I would say that it didn't get too far over 70. 80 very unlikely. I do realise that using the d47 was tinkering a little but I was ordering some supplies for beer brewing and I figured using it would be interesting.

I'm not terribly keen on racking to secondary to be honest given that it is just a 1 gallon batch. I'll certainly leave it to clear and beyond that give it ample time in the bottle to develop.

And I thought beer brewing required patience! You guys are troopers!

 
Reply With Quote
Old 10-11-2012, 10:40 PM   #7
Arpolis
HBT_SUPPORTER.png
Recipes 
 
Jan 2012
Tulsa, Oklahoma
Posts: 2,258
Liked 230 Times on 210 Posts


Quote:
Originally Posted by Graeme View Post
And I thought beer brewing required patience! You guys are troopers!
Yea beer has nothing on mead when it comes to needing patience. My Joam took just over 3 months to clear without racking. Even then when it bottle aged I still got a little yeast in the bottles. Dont expect the best thing in the world at 3 months either, especially with D47. This will be dryer than the recipe suggests. Wait about 6 months in total & this recipe will start to shine then. After 8 months it is all grins.
__________________
A painting says a thousand words. But a painting while on good mead just looks funny!

 
Reply With Quote
Old 10-11-2012, 10:57 PM   #8
Peppers16
Recipes 
 
May 2012
Nottingham, (UK)
Posts: 205
Liked 7 Times on 6 Posts


I'd consider back-sweetening: Joe specifies bread yeast to leave sweetness to balance the bitter orange pith. D47 will leave it dry.
Degassing might speed up clearing?

 
Reply With Quote
Old 11-20-2012, 07:05 PM   #9
Graeme
Recipes 
 
Mar 2009
Dublin, Ireland
Posts: 237

Hey folks,

Just an update on this. Still hasn't appeared to clear...it's certainly allot clearer than it was but quite cloudy. The oranges have dropped out to the bottom too.

When I said I was in no great hurry, it would be preferable to have this carboy available to me for making yeast starters for beer brewing. Are there any detrimental effects to bottling this now? I'd be resigned to knowing it prob won't clear well in the bottle but other than that anything to worry about?

Could a 'cold crash' also help clear?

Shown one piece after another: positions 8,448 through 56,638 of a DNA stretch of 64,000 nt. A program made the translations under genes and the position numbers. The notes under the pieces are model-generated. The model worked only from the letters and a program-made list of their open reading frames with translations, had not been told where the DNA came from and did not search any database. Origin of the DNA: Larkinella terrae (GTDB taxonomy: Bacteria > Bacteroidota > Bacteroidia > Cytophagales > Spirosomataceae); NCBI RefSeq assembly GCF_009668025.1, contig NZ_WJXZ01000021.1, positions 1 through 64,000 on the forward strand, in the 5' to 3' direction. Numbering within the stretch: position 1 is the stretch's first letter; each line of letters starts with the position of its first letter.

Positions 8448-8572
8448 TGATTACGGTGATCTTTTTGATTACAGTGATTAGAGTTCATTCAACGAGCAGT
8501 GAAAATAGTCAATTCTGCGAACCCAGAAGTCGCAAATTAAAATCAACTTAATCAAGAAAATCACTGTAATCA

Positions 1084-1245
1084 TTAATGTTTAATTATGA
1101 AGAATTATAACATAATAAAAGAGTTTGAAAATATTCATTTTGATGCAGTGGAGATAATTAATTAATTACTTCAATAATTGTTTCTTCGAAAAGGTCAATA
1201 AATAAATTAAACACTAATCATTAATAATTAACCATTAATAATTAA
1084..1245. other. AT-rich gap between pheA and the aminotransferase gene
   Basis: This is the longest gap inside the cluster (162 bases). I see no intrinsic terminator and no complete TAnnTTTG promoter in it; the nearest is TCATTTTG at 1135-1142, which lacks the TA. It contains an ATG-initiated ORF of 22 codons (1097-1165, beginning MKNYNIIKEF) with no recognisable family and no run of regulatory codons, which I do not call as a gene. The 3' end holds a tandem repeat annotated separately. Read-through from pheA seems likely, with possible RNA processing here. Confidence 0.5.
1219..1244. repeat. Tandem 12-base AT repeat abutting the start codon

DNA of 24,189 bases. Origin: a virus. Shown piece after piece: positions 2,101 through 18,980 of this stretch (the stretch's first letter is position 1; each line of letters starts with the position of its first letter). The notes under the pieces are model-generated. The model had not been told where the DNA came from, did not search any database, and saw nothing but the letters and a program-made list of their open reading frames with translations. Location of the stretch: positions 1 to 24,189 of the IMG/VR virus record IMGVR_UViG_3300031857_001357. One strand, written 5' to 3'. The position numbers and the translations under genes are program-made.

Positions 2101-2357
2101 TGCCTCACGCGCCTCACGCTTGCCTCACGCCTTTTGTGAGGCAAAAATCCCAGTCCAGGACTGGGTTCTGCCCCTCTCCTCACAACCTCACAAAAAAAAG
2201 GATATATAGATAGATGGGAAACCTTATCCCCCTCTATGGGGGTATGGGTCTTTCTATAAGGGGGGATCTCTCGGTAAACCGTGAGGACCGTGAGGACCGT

Thanks

Graeme

 
Reply With Quote
Old 11-20-2012, 07:39 PM   #10
fatbloke
Recipes 
 
Dec 2006
UK - South Coast.
Posts: 2,699
Liked 182 Times on 167 Posts


There could be a number of reasons its taking its time to clear, but yes, a cold crash might help. Just remember, it needs at least a week, possibly longer.

If its a bit tight in the fridge with an air lock on it, you can either use some cling wrap and an elastic band or a children's balloon, with a couple of pin holes in it.

I'd also repeat the comment that it will likely need back sweetening, as wine yeast usually takes it dry, which normally wouldn't be an issue, but with JAO dryness focuses the taste on the bitterness from the pith. Which is why its not a good dry recipe.

A benchmark batch is usually, almost "dessert" sweet., even then, I like to age it for at least 6 months.....
__________________
"What the large print giveth, the small print taketh away". Tom Waits.

Oh, and here's some blog stuff!

 
Reply With Quote


Reply
Thread Tools


Similar Threads
Thread Thread Starter Forum Replies Last Post
okay for buggy beer to remain on yeast cake for months and months? BmillaTheBrewzilla Lambic & Wild Brewing 5 07-05-2012 08:21 PM
Jaom ComcastWineRookie Mead Forum 8 05-03-2012 05:44 AM
Just about JAOM Aquavitae Mead Forum 1 03-01-2012 07:38 AM
Jaom kevokie Home Brewing Photo Forum 2 01-04-2012 06:10 AM
How should JAOM look? summersolstice Mead Forum 30 01-18-2009 11:05 PM


Forum Jump